Email safety

Connecting with others > Getting online > Email safety

Whilst e-mail is a great way to contact loved ones around the world instantly, there is a need to be cautious. Phrases like ‘phishing’, ‘cyber scams’ and ‘online fraud’ are bounded around the news and can make us worry about using e-mail. This blog explains some of the main scams to be wary of when using your e-mails and practical steps you can take to avoid them. As long as you’re taking the following precautions, you’ll be free to enjoy using e-mail without worry.

Terms you might have heard

Phising – this is where someone pretends to be a trustworthy organisation (e.g. your bank) and asks for sensitive information from you, such as credit card details or your address.

Virus mail – an e-mail that contains a programme inside which can “infect” your computer if opened. There are lots of different kinds of viruses. Some are built to steal your personal information, others to monitor what you do online.

How to spot a scam e-mail

  • The sender’s e-mail may be different from the one on the trusted website. For example, have you got an e-mail saying it is from Barclays Bank, but it is sent from “ghjohnson.barclays@gmail.com”.
  • The e-mail may use a non-specific e-mail greeting, such as ‘Dear Customer’.
  • It may contain poor grammar or misspelt words.
  • The e-mail contains nothing but a link to another website.  Even if it is sent from an e-mail address that looks like a friend or acquaintance it won’t have been sent by them so be extra careful.
  • There is an attachment to the e-mail with no explanation.
  • The message asks for personal information, such as passwords or bank details.
  • You’re asked to send money.

You didn’t initiate the action – for example, you have been informed that you won the lottery, but you didn’t buy a ticket.

You should never give away your bank details or security codes of credit cards via e-mail. Your bank will never ask for these and whilst it may look genuine it will be a scam. You may get e-mails from your bank, but they may be to inform you, for example, that a statement is ready online, or to advertise a new savings scheme.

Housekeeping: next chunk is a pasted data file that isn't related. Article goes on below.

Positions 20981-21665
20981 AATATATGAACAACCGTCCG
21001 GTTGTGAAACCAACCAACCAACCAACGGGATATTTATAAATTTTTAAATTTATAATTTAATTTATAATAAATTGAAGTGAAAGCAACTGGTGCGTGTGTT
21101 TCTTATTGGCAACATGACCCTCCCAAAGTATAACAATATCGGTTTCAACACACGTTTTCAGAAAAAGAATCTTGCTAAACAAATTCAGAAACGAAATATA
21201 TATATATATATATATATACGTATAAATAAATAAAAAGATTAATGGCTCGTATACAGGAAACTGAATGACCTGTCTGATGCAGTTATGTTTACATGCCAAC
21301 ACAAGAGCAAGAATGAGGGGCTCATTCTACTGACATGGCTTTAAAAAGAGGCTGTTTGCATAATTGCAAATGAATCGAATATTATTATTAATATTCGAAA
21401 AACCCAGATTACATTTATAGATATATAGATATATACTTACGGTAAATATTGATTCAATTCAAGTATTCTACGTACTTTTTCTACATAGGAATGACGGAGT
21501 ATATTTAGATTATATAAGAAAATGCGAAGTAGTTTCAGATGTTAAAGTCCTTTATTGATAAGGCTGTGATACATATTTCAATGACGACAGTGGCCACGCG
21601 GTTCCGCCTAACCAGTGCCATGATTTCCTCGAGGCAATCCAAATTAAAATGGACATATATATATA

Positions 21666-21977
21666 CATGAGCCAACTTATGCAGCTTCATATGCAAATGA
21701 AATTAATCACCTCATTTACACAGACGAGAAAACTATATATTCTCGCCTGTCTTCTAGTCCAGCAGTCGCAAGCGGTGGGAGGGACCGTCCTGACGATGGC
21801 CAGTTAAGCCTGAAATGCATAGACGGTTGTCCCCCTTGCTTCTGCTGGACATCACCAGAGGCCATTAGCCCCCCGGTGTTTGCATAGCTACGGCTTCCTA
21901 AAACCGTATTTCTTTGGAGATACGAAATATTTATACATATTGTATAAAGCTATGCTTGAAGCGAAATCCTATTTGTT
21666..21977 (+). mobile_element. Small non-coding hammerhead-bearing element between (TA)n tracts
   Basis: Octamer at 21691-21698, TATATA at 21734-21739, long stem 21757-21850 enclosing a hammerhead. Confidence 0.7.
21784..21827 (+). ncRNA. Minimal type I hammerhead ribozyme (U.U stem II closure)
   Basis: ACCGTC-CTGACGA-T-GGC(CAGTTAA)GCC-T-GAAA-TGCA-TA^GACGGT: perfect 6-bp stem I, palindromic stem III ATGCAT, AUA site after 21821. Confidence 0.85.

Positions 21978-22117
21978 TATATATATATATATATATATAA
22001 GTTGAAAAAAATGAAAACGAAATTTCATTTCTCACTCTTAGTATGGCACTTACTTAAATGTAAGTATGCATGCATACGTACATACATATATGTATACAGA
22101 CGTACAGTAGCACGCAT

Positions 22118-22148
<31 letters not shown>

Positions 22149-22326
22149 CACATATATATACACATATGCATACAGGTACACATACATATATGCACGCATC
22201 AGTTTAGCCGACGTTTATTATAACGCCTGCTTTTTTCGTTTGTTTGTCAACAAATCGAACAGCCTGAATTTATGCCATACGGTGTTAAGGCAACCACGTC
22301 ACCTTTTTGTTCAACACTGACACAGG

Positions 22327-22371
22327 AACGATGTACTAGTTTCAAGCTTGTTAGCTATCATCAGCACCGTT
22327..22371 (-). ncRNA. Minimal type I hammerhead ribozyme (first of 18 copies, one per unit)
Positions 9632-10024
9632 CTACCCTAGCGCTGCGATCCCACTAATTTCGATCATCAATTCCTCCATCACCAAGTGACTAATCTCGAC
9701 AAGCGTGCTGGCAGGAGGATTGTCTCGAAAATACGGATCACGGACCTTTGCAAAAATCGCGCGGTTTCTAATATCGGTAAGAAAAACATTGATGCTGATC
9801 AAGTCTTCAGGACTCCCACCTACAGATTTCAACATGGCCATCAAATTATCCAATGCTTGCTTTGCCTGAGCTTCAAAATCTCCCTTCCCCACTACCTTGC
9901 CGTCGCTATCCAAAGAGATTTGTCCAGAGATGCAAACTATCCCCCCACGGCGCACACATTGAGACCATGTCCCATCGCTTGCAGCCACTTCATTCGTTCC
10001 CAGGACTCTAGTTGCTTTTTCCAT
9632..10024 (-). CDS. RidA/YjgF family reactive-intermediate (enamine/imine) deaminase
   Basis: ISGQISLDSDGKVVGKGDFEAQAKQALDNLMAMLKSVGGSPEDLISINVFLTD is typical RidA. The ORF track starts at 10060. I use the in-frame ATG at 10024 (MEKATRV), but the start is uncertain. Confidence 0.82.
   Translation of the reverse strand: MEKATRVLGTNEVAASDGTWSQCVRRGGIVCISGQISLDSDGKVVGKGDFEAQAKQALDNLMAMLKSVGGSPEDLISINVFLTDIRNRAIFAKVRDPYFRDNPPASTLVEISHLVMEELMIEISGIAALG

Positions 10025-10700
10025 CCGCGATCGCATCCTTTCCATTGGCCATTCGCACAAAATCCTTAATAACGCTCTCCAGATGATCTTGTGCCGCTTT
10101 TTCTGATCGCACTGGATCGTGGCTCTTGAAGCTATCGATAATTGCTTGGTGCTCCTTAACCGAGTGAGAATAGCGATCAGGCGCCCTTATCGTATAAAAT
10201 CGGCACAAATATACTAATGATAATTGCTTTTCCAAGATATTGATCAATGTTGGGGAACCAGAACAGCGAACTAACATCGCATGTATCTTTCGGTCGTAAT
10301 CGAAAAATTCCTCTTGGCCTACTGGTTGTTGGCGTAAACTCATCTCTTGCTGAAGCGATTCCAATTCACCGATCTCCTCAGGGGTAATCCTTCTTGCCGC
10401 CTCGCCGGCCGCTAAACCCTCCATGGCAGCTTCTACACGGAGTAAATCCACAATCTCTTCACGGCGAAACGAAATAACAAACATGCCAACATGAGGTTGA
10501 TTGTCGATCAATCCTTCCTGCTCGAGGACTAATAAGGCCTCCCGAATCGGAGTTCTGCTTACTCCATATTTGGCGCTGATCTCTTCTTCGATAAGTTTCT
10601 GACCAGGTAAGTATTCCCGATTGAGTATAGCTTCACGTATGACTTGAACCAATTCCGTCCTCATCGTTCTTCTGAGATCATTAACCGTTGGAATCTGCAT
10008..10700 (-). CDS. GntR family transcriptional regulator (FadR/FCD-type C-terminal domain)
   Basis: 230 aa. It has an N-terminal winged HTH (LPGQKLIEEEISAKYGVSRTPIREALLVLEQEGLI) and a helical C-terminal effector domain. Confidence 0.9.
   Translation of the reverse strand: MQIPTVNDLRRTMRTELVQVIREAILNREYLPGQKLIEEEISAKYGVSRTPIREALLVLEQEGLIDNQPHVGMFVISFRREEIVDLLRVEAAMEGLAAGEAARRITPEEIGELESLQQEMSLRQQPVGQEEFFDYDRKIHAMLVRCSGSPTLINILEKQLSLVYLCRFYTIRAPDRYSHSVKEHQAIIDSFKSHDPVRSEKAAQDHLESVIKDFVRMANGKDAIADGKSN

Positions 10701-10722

As long as you don’t respond to the e-mail and delete it as soon as you see it, you should be safe. If you wish to report these scams you can fill out this the Action Fraud online form. This will not be dealt with individually but may help the police piece together a case.

What if I open a scam e-mail?

There are many different kinds of anti-virus software that you can download for your computer that should protect your files if you accidentally open a scam e-mail that contains a virus. However, many are expensive and you have to renew them every few years. AVG antivirus is a free download that you can get for your PC or Mac that will provide adequate protection and ease your worries.

Staying safe on someone else’s computer

If you are using a computer in an internet café, a library or another public place, it is essential to sign out of your e-mails once you have finished. When signing in, you may be asked ‘do you want to save the password for the next time you sign in’. Make sure you answer ‘no’ so that no one can sign into your account once you leave. Leaving your e-mail account signed in is a bit like leaving your front door open, and saving the password to that computer is a bit like giving someone a key!

Where can I learn more?

If you want any more guidance on e-mail safety, you can watch a video by GCF Learn Free on their Avoiding Spam and Phishing Page.